BMAC And BOMESI Spotlight Black-Owned Media At Grammy Week Event

Photo Credit: Michael Melendy for Black Music Action Coalition

Photo Credit: Michael Melendy for Black Music Action Coalition


Feb. 4 2024, Published 8:15 p.m. ET

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The Black Music Action Coalition (BMAC) and the Black Owned Media Equity & Sustainability Institute (BOMESI) joined forces during Grammy week at Live Nation’s headquarters in Beverly Hills to bring together industry leaders to launch a powerful partnership and call to action to center Black-owned media within the music/entertainment industry.

The industry mixer included a panel discussion on the importance of backing Black-owned media in today’s landscape. The panel featured Rhonesha Byng (Founder & CEO of Her Agenda and Co-Founder of BOMESI), James DuBose (Founder & CEO, In the Black Network), Tasha Hilton (Senior Director of Marketing, BET) and Grouchy Greg Watkins (Co-Founder, All Hip Hop). Moderated by Willie “Prophet” Stiggers (Co-Founder & CEO, Black Music Action Coalition), the conversation underscored the significance of supporting and elevating Black-owned media outlets and Black media executives, highlighting themes of ownership, advocacy, collaboration, and resilience.

Panelists emphasized that authentic empowerment originates from access to information and ownership, highlighting the necessity of controlling narratives and platforms to effectively counter marginalization.

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Photo Credit: BOMESI / Owen Duckett

“You don’t need to change the narrative if you own the narrative,” Rhonesha said. “We’re promoted, we’re on the screen, but without the power, without the ownership, we’re the first on the cutting room floor and it’s happening even still today. You see the articles about Issa Rae talking about her situation and the fact that her shows got cut and emphasizing her now desire to focus on ownership. Black-owned media needs to thrive. This is not to say to cut out white-owned Black targeted media because they play a role too, but it’s also about them spending with us so that money still flows in the community.”

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Collective bargaining and support for Black-owned businesses were heralded as potent tools for driving economic autonomy and sustainability for Black-owned media platforms. Panelists stressed the importance of holding corporations accountable for their commitments, particularly pledges made amidst the 2020 BLM movement, to diversity and inclusion.

“When corporations started to make pledges and commitment to spend more money with Black-owned media…we’re looking at them like, who is going to hold them accountable? How is this going to happen? Who is going to make sure that that spend is allocated across the ecosystem and not the same three to four players that we always see in the headlines in the spotlight? So we came together to form this organization to make sure that the dollars flowed more democratically,” Rhonesha said.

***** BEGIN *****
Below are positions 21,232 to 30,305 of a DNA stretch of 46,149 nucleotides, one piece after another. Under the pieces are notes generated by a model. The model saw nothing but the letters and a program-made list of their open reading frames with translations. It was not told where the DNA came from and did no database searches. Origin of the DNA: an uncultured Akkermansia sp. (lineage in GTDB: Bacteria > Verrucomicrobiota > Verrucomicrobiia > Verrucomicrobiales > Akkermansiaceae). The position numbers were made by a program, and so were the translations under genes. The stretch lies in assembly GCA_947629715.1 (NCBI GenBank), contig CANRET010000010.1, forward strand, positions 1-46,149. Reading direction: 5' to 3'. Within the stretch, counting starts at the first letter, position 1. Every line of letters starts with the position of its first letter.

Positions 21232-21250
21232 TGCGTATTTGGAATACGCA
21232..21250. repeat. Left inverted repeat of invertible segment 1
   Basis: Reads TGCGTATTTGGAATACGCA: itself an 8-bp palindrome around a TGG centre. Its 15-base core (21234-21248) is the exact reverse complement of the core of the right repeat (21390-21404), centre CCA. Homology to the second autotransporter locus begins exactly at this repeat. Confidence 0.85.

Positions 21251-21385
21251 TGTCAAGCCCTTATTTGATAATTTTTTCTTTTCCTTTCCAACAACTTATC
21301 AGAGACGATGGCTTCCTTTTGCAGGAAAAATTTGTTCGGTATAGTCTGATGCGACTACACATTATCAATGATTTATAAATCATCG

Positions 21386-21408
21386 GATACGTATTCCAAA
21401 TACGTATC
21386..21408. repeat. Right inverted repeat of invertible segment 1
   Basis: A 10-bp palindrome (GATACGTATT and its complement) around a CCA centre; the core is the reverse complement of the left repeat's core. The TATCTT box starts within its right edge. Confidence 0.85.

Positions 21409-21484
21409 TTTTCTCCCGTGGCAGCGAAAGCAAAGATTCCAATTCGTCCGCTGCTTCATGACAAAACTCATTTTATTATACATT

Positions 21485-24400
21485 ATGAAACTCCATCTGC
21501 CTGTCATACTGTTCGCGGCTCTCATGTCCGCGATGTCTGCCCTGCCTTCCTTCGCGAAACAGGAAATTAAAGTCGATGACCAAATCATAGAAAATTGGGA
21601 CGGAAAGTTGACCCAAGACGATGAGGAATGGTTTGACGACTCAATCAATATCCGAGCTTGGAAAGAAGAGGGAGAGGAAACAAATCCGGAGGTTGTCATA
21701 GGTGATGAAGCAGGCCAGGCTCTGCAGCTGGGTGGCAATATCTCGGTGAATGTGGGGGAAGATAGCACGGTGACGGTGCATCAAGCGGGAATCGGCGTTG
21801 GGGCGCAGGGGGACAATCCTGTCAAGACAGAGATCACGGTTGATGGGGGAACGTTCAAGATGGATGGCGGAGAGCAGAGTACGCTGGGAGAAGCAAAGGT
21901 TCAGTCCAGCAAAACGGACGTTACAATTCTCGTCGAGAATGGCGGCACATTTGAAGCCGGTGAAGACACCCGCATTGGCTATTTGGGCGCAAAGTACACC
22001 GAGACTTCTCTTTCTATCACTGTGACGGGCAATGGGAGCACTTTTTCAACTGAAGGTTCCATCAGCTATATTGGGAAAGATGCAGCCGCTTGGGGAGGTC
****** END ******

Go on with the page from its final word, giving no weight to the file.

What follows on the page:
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Photo Credit: Emmanuel Agbeble @apmworldmag

Collaboration and collective action amplify Black voices and enable better deals for historically marginalized media. Organizations like BMAC and BOMESI exist to create meaningful change through pooling resources and sharing knowledge.

“One of the things that impressed me with BOMESI was this system of collective bargaining, which I think works for BMAC. One of the reasons we were able and are able to move the needle the way we do is the collective bargaining with the fact that 65% of the highest votes in artists in the music industry are represented by our board, so it’s a different conversation when we are asking for certain things in terms of equity versus if I was doing it alone,” Prophet said. 

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Despite encountering challenges like underfunding and systemic biases, speakers at the event exemplified resilience and determination in overcoming these obstacles. They acknowledged that progress demands perseverance and partnership. 

“We can’t expect people that don’t know our culture or respect our culture to help us. So if we keep asking ‘mother may, I?’ or ‘father may I?’, they’re going to always keep us in that position,” James said. “If you look at what the traditional networks are doing, the word we got to start talking about in the community is how do we bundle? How do we really come together and make them chase us instead of us constantly having to chase them?”


Photo Credit: Emmanuel Agbeble @apmworldmag

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By: Lauren Mayo

Lauren is a journalist, on-air host, actress, and recovering tomboy. She writes everything entertainment, entrepreneurship, and wellness. She is a fan of Bob's Burgers, to-do lists, and kind people with big dreams. Lauren has contributed to Netflix, ESPN’s SEC Network, CBS Radio, ESPNU, ESPN3,, The Hype Magazine, Afterbuzz TV, Black Hollywood Live, HER AGENDA, and more. Connect with her on Instagram and TikTok @laurenoutloud

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